A few years ago I remember thai sweet chilli could do no wrong. Everything started to come with a side of thai sweet chilli sauce for dipping. It started popping up on menus in all kinds of restaurants, bars, and pubs. Thai sweet chilli chicken started to creep into the meal deals of supermarkets and the like. You may or may not agree with me, but doesn’t it now feel like a past trend?
Similarly, chorizo also comes to mind. I wouldn’t say that Chorizo is out of fashion, but I do remember a time when its popularity was certainly higher than it is now. Pasta dishes, pizzas, and even burgers became saturated with the traditional Spanish meat. Its popularity having perhaps plateaued somewhat in the past few years, it still remains a versatile cooking ingredient.
Both chorizo and thai sweet chilli share a common trait. Both flavours can be dominating, to the point of overwhelming. I’ve had thai sweet chilli chicken stir-fry which was far too sweet and sickly to realistically finish. I’ve eaten a burger with a giant slab of chorizo, oozing with grease, which made everything else on my plate obsolete as far as being able to taste them was concerned. The need to include it on the menu seemingly overriding judgement on the quantity of such an ingredient.
I suppose we should talk about pulled pork.
Pizzas. Burgers. Sandwiches. Sundaes. You name it, chances are, there will be pulled pork.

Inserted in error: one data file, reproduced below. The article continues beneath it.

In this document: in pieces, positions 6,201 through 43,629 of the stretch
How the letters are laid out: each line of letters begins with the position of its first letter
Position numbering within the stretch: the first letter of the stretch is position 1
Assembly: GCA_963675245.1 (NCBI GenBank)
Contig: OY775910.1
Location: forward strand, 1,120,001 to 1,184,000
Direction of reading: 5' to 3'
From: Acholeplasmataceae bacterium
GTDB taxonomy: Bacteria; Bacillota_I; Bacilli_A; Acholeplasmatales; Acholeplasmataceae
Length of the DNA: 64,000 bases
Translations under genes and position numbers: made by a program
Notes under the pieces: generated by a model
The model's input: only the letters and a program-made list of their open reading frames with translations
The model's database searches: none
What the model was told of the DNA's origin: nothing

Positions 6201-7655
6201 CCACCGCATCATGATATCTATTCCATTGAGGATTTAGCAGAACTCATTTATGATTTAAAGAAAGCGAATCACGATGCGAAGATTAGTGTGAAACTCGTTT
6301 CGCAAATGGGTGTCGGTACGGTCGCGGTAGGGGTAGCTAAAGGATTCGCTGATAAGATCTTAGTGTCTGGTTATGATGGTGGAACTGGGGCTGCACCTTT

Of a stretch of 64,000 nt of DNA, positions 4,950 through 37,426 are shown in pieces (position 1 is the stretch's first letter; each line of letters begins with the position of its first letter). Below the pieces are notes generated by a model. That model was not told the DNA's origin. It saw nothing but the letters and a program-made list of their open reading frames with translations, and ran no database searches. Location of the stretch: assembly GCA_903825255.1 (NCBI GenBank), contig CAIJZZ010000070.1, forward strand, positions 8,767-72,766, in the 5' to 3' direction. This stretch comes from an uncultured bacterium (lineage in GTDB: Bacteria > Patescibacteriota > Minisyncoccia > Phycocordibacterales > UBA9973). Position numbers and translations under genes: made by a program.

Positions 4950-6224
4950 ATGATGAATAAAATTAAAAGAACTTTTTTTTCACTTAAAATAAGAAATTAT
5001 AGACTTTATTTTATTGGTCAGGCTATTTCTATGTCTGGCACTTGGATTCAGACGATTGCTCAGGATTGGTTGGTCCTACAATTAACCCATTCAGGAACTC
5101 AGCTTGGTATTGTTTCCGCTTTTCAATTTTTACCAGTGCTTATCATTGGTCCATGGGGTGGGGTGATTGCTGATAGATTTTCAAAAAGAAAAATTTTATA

And yes, pulled pork sundaes are a thing.
Slow cooked pulled pork in a sweet BBQ sauce underneath a crowning scoop of cheesy mashed potato, finished off with rashes of streaky bacon.
It was too good to be true. However, the guilt combined with the impending indigestion was enough for me. On that day, I reached the pinnacle of pulled pork. I’ll be honest, I haven’t ordered pulled pork in a restaurant since.
The growing influence of American-stye, slow cooked BBQ meat is on the rise. With each tender mouthful, you can almost taste the time and dedication that goes into a slow cooked rack of ribs. Considering the breadth of literature appearing to dissuade us from eating red meat, this is an interesting direction for food.
I have tried to cut down on meat in general. It’s not the easiest of tasks but you’d be surprised how much mushrooms can make up for meat.
I had some leftover shiitake mushrooms, so I grilled them and added some chopped spinach and parsley. I served with a poached duck egg on some brie and crusty white bread. No meat in sight.